Archive for Media

New media in Brighton Pavilion

It is now established that if you’re a candidate standing for election you need a campaign website. For a lot of candidates this is the first thing they think of. Why? Because it is a cheap, resourceful tool in communicating your message to potential voters. It is also important for candidates to have the most attractive website they can get. Visitors to a site need to be taken on a journey, they need to find small pockets of interest that keep them coming back for more.

Nearly all candidates standing for election either maintain a blog or a news content page. This is true for all three main candidates in Brighton Pavilion, Caroline, Nancy, and Charlotte. Out of all of them it is Caroline who updates hers the most, either through her blog or through her campaign news. Both of these are similar but, at the same time, rather different. Caroline’s blog section discusses mainly the campaign trail, her meetings with local associations and the finer points of her agenda for the constituency. Her campaign news, which is updated less often than her blog, provides the press with details of Caroline’s positions and statements, as you would expect from a news section.

It should be noted that Charlotte and Nancy don’t separate the two. For Charlotte, her blog is also her news content page (she does have a ‘media’ page but that hasn’t been updated since January 16th- remember those snowy days?) Nancy, on the other hand, only has her news content, and this is updated a couple of times a week.

Nancy prefers to use twitter to keep her followers up to date with where she is and what she’s doing, using this to great effect. Charlotte, whilst using twitter in a similar vein to Nancy, is also much more personal, perhaps far too personal in her correspondence with her followers, particularly with her Green ones. Whilst Charlotte has a tendency to always ‘@’ Caroline (I think she may have given up by now), many of her tweets meet with immediate response from Greens, partly due to Charlotte’s antagonistic style. Yes, we know that twitter is a world mostly populated by people averse to the Conservatives, but there is something dogged in her chase for Caroline to reply to her tweets.

I think, and most certainly hope, that Charlotte has backed away from this style, especially for her own sake. We have not seen her update nearly as often, neither are her tweets focussed purely on Caroline. Whilst it is too early to say whether this is a tactical change in Charlotte’s social media strategy- perhaps someone has had a quiet word with her- it would be a welcome move if she would tone down on the ‘reply’s and ‘@’s to people who are clearly not going to agree with her.

Brighton Politics Blog, BPB for short, posted a similar article on Brighton Pavilion and new media back in January, go check it out.

By the way, does anybody know if CCHQ is still vetting PPC tweets?

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Giving a platform to bigots

I just came across a brilliant piece over at the Kent News website- the folks who publish the free Kent On Sunday (KOS) newspaper. The blogger has another bash at ‘Immigrants-one rule for us, one rule for them.’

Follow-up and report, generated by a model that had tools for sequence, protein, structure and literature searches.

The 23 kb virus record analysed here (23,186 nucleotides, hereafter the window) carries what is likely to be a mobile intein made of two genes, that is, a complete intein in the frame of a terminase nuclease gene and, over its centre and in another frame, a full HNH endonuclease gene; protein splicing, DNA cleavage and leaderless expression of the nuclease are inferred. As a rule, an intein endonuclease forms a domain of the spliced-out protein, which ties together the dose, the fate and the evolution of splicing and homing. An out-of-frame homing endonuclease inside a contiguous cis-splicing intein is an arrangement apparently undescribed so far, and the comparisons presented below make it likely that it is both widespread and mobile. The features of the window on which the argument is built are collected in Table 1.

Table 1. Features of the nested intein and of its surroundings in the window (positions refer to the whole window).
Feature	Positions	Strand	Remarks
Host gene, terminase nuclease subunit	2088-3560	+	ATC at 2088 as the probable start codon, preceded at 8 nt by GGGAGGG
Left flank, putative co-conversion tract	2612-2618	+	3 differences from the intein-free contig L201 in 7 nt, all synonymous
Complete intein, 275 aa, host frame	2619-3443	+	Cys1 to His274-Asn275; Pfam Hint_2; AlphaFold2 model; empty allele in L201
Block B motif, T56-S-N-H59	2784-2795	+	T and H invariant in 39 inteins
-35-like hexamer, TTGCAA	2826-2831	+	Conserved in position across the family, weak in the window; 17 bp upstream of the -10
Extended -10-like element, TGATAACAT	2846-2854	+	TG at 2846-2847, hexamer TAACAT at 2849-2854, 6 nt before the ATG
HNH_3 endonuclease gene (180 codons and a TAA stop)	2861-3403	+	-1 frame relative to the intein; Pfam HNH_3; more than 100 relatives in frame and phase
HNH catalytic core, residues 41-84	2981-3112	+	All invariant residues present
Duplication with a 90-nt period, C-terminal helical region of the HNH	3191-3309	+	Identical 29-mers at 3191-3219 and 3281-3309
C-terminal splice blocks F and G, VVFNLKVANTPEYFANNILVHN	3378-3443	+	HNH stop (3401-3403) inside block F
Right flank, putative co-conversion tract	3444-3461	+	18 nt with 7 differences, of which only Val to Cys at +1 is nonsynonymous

Whilst it is a little dated- 9th July 2009- it’s still an interesting piece as it’s written by a fella who claims in his article that he is ‘black’, ‘born in India’ and ’emigrated legally to the UK many years a go’, and thus cannot in any way have a xenophobic bone in his body. I am going to assume that he is not an ethnic Indian from any part of that country but was born to parents from elsewhere. It should be noted that the article was not written by Simon Robinson, who is the editor of ‘YourMedway’ for KOS Media, but by an anonymous author who claims his piece is a ‘rant.’ The definition of rant is: speak or shout at length in a wild, impassioned way.

Reading down the comments section of the said piece it attracts alot of bigoted, some of which is racist, but of which much is xenophobic. It is also pretty clear that many of thos commenting on the piece fail to realise that any migration from within the European Economic Community (with some exceptions) is legal. They also fail to understand the difference between asylum seekers and economic migrants, and thus fail to understand the histories and motivations of either group.

What all this represents is a failure of local and regional media in confronting bigoted and misinformed opinion. Yes, it is is opinion and not news, but it is still being given a platform none the less. For a while far-right opinion has seen the lack of regulation and self-censorship by editors from local media outlets as an opportunity waiting to be seized. Because local newspapers are experiencing a greater fall in circulation than their national counter-parts editors are increasingly looking towards the sensationalist and populist to boost circulation. Hence why the letters pages of local newspapers are expanding (along with advertisement space) whilst content journalism is being sidelined. All of this is done under the auspicious attempt to brand it as vox populi.

This is why progressives must concern themselves with local and regional media, especially newspapers, particularly those that don’t have a history of political or social commentators and only operate as the equivalent of Parish newsletters. Unfortunately it is the right-wing who are adhereing to Jello Biafra’s turn of phrase, “Dont hate the media, become the media.”

Rant over.

 

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